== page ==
You’ll never eat a chestnut or listen to the cacophony of a jackhammer the same way after watching “We Need to Talk About Kevin,” the intense and unnerving new film from Lynne Ramsey (Ratcatcher,” “Movern Callar”). “Kevin,” which won Best Film at BFI’s London Film Festival, chronicles the events leading up to, during and after a horrific school shooting of which fifteen-year-old Kevin (Ezra Miller) is responsible. In a narrative twist, “We Need to Talk About Kevin” is not told through the point of view of Kevin, a homicidal sociopath, but is rather an exploration into the psyche of Kevin’s mother Eva, played by Tilda Swinton (“Michael Clayton,” “I Am Love”).
The film, which was adapted from Lionel Shriver’s eponymous novel, undertakes the evolution of the excruciating guilt that Eva feels for her son’s heinous actions. Kevin is her first child, and Ramsey gives us flashbacks of Eva when she is pregnant with Kevin, and deeply depressed. To emphasize Eva’s formerly free-spirited, pre-Kevin existence, Ramsey also begins the film with another flashback of Eva in a state of ecstasy during Spain’s La Tomatina, crowd-surfing atop a mob of tomato-stained flesh. In a clever transition from a blissful, Kevin-less past to a nightmarish present, the following scene finds Eva in her dilapidated house, her skin misted red not from tomato gore but from the scarlet paint that she laboriously attempts to scrub from her vandalized house. Eva also ritualistically eats scrambled eggs (and in one self-flagellating scene, she crunches on pieces of broken egg-shells). It is as if Eva is attempting to annihilate her birth to Kevin through some twisted, symbolic form of cannibalism that would fit nicely into Shakespeare’s “Titus Andronicus.”
Ramsey is no stranger to harrowing themes and stories, especially true in her debut feature, “Ratcatcher.” But in spite of its grisliness, “Ratcatcher” was a coming-of-age story as well as a unique period piece; a candid, unflinching glimpse into an obscure time and place—the garbage strike in 1970s Glasgow. “We Need to Talk About Kevin” does not have the aesthetic or narrative grandeur of her first film; at times, especially the scenes depicting Kevin’s early childhood menace, the film is downright depressing. It is the fearless performance of Tilda Swinton that saves “Kevin” from drowning in its own morbidity. Ms. Swinton can contort her alabaster, porcelain features into a grotesque mask of grief like no other actor I’ve seen (in ‘I Am Love,” her transformation from maternal warmth to a mother paralyzed by grief and guilt is almost supernaturally chilling). And despite the grim tenor of “Kevin,” Ramsey does allow Swinton to have some darkly humorous moments, such as her matter-of-fact, straight-faced response to religious solicitors who knock on her door: “I’m going straight to hell.” Another wickedly droll scene is when Eva takes the teenage Kevin (Ezra Miller) out for miniature golf and dinner. Eva counters Kevin’s nonchalance and smugness with her own shrewd awareness that their efforts towards a mother/son relationship are merely a role-playing farce.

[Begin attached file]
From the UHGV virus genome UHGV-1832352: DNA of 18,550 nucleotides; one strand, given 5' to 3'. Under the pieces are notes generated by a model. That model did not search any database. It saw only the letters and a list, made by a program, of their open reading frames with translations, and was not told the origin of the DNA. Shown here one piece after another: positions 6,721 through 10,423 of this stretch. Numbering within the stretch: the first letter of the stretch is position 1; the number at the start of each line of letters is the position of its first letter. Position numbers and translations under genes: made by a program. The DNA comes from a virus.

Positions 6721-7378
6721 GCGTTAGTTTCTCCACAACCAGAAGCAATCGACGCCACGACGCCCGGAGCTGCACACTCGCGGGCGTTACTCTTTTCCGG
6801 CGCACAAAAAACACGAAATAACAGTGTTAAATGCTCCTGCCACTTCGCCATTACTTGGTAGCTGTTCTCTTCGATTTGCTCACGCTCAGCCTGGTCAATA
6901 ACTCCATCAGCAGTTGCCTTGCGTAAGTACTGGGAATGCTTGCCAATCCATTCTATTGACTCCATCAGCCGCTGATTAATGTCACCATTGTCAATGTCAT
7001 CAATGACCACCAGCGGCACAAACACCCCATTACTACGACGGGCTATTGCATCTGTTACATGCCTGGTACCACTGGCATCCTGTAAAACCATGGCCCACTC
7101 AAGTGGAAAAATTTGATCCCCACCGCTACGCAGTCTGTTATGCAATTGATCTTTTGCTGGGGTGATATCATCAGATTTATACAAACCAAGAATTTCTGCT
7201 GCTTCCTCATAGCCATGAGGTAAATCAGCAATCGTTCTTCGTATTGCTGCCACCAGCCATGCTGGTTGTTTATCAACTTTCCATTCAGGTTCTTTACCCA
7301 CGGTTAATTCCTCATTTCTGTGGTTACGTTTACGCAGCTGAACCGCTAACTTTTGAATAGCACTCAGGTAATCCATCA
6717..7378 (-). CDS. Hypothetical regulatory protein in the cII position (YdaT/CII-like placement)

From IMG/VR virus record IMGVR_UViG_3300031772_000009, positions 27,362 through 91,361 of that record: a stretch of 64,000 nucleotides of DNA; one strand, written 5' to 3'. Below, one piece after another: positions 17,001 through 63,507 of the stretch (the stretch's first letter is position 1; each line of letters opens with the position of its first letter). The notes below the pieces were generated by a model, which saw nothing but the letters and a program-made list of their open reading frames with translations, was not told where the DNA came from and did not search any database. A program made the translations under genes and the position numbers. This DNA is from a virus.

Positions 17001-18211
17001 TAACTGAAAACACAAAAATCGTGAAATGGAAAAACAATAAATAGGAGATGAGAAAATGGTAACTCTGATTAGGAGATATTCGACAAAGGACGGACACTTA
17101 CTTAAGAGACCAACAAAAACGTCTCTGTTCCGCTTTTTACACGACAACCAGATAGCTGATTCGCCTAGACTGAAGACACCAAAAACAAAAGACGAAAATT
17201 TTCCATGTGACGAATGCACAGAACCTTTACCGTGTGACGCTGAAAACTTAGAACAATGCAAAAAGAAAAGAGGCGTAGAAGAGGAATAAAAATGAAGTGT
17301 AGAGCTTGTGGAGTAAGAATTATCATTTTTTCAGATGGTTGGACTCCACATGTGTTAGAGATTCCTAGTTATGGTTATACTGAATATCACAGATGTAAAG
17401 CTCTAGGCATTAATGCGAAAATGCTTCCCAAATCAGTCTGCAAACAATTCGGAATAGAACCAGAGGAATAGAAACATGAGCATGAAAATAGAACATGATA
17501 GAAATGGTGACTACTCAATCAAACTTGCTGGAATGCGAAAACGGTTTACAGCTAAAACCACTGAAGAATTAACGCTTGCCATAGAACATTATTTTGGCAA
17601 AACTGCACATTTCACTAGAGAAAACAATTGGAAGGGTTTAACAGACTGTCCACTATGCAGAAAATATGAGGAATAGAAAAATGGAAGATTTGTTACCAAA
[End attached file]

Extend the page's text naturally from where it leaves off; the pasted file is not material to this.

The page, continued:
Aside from Swinton, the redeeming element of “Kevin” is the air of uncertainty surrounding any possible explanations for Kevin’s heinous actions. Ramsey takes the audience so deep inside Eva’s fraught head and heart that we don’t know whether Kevin’s sociopathic behavior, especially as a young child, is tangible or exaggerated by Eva as a symptom of post-partum depression. Because of this ambiguity, Kevin and Eva form a perverted symbiotic relationship in which both are victims of each other’s behavior; Kevin of his mother’s coldness and at times, physical abuse, and Eva of her son’s inscrutable malice. The question after any unspeakable act of violence is always “Why?” Eva does not ask her son that question until the film’s coda, and perhaps it is because she is afraid that his answer will expose her own inherent responsibility for his actions. It is also a question that is must be posed about this film: Why make a film on such a problematic subject and choose to portray an atrocious act of mass murder other than to exploit shock and provoke? Regrettably, “We Need to Talk About Kevin” fails to do little more than just that.